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An Economic Analysis of Co-Parenting Choices: Single Parent, Visiting Father, Cohabitation, Marriage

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  • Ronald Mincy

    (Columbia University)

  • Shoshana Grossbard

    (San Diego State University)

  • Chien-Chung Huang

    (Rutgers University)

Abstract

This paper sheds light on the determinants of choice between four co- parenting arrangements: father absence, father’s non-residential visitations, cohabitation, and marriage. In our theoretical framework, we use an adaptation of Becker’s Demand & Supply (D&S) model of marriage and a hierarchy of co-parenting arrangements--ranked in terms of degree of fathers’ involvement in the lives of mother or child--as an observable price measure for women’s work as mothers. We predict effects on co-parenting choice of factors such as welfare benefits, sex ratios, income, black versus white, or education, and black/white differences in these effects. We test our predictions with data from the Fragile Families and Child-Wellbeing Survey. Our findings include (1) the larger the grant amount in the state where the mother resides, the more it is likely that fathers will have some contact with their children, and the more it is likely that fathers will cohabit with the mothers; (2) fathers who have more children with other women are less likely to have contact with a given woman’s children, but this discouraging effect of men’s other children is smaller for blacks than for whites; and (3) employment in the last year reduces the likelihood that a white mother is married to her child’s father, while increasing that likelihood among black mothers.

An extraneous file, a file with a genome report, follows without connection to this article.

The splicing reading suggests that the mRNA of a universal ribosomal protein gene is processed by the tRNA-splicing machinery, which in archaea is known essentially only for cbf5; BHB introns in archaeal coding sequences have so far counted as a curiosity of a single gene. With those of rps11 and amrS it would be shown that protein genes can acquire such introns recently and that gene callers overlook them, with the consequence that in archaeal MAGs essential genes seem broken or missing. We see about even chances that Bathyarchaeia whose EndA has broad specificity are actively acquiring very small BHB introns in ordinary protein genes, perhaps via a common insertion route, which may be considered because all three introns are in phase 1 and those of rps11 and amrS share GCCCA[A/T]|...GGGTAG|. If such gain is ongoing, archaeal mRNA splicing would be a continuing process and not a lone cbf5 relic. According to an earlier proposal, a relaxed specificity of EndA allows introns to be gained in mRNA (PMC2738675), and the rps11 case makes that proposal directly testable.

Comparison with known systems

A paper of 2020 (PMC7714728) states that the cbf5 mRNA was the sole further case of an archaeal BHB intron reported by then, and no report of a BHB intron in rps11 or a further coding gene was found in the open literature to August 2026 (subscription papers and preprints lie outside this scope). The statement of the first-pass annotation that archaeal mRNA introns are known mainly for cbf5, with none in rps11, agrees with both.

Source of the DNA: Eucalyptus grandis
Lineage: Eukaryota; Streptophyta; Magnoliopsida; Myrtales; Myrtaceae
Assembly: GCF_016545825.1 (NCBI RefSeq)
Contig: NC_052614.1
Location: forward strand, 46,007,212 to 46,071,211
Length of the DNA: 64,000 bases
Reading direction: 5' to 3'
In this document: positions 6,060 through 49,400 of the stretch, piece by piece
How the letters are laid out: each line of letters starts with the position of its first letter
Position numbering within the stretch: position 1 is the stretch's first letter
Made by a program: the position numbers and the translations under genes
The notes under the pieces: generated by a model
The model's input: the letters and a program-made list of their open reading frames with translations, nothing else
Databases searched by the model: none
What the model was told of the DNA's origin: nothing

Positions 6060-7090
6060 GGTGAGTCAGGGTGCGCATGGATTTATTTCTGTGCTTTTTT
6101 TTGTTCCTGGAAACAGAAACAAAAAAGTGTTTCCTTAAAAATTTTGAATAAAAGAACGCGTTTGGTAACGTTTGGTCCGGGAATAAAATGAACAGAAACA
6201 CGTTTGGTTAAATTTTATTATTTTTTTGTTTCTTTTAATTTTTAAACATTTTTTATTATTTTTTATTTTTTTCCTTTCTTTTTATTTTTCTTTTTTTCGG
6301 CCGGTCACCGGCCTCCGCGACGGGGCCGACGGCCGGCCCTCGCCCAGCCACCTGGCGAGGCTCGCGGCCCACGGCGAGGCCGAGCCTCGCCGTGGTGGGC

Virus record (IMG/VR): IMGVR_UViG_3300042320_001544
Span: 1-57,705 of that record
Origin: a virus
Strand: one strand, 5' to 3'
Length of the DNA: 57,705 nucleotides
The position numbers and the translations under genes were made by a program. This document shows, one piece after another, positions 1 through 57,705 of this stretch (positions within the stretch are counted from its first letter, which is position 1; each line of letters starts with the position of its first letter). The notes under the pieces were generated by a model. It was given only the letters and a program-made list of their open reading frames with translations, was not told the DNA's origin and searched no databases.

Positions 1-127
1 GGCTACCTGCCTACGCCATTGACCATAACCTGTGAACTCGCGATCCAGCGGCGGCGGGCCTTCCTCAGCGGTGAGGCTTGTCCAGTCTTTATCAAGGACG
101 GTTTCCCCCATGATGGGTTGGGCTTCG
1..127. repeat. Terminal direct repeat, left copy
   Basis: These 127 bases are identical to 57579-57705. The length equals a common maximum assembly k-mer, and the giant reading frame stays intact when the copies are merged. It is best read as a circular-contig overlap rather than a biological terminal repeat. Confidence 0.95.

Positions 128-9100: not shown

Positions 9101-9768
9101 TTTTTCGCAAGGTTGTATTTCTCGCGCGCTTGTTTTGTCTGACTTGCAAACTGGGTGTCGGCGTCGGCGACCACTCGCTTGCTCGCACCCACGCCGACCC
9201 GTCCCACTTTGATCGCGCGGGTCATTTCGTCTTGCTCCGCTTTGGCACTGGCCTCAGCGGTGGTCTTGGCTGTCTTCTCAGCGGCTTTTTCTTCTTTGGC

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Bibliographic Info

Paper provided by EconWPA in its series Labor and Demography with number 0505004.

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Length: 45 pages
Date of creation: 05 May 2005
Date of revision:
Handle: RePEc:wpa:wuwpla:0505004

Note: Type of Document - doc; pages: 45
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References

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  1. Mincy, Ronald B. & Dupree, Allen T., 2001. "Welfare, child support and family formation," Children and Youth Services Review, Elsevier, vol. 23(6-7), pages 577-601.
  2. Deborah Roempke Graefe & Daniel Lichter, 1999. "Life course transitions of American children: Parental cohabitation, marriage, and single motherhood," Demography, Springer, vol. 36(2), pages 205-217, May.
  3. Wendy Manning & Pamela Smock, 1995. "Why marry? Race and the transition to marriage among cohabitors," Demography, Springer, vol. 32(4), pages 509-520, November.
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  5. Arthur H. Goldsmith & Darrick Hamilton & William Darity, Jr, 2007. "From Dark to Light: Skin Color and Wages Among African-Americans," Journal of Human Resources, University of Wisconsin Press, vol. 42(4).
  6. Akerlof, George A & Yellen, Janet L & Katz, Michael L, 1996. "An Analysis of Out-of-Wedlock Childbearing in the United States," The Quarterly Journal of Economics, MIT Press, vol. 111(2), pages 277-317, May.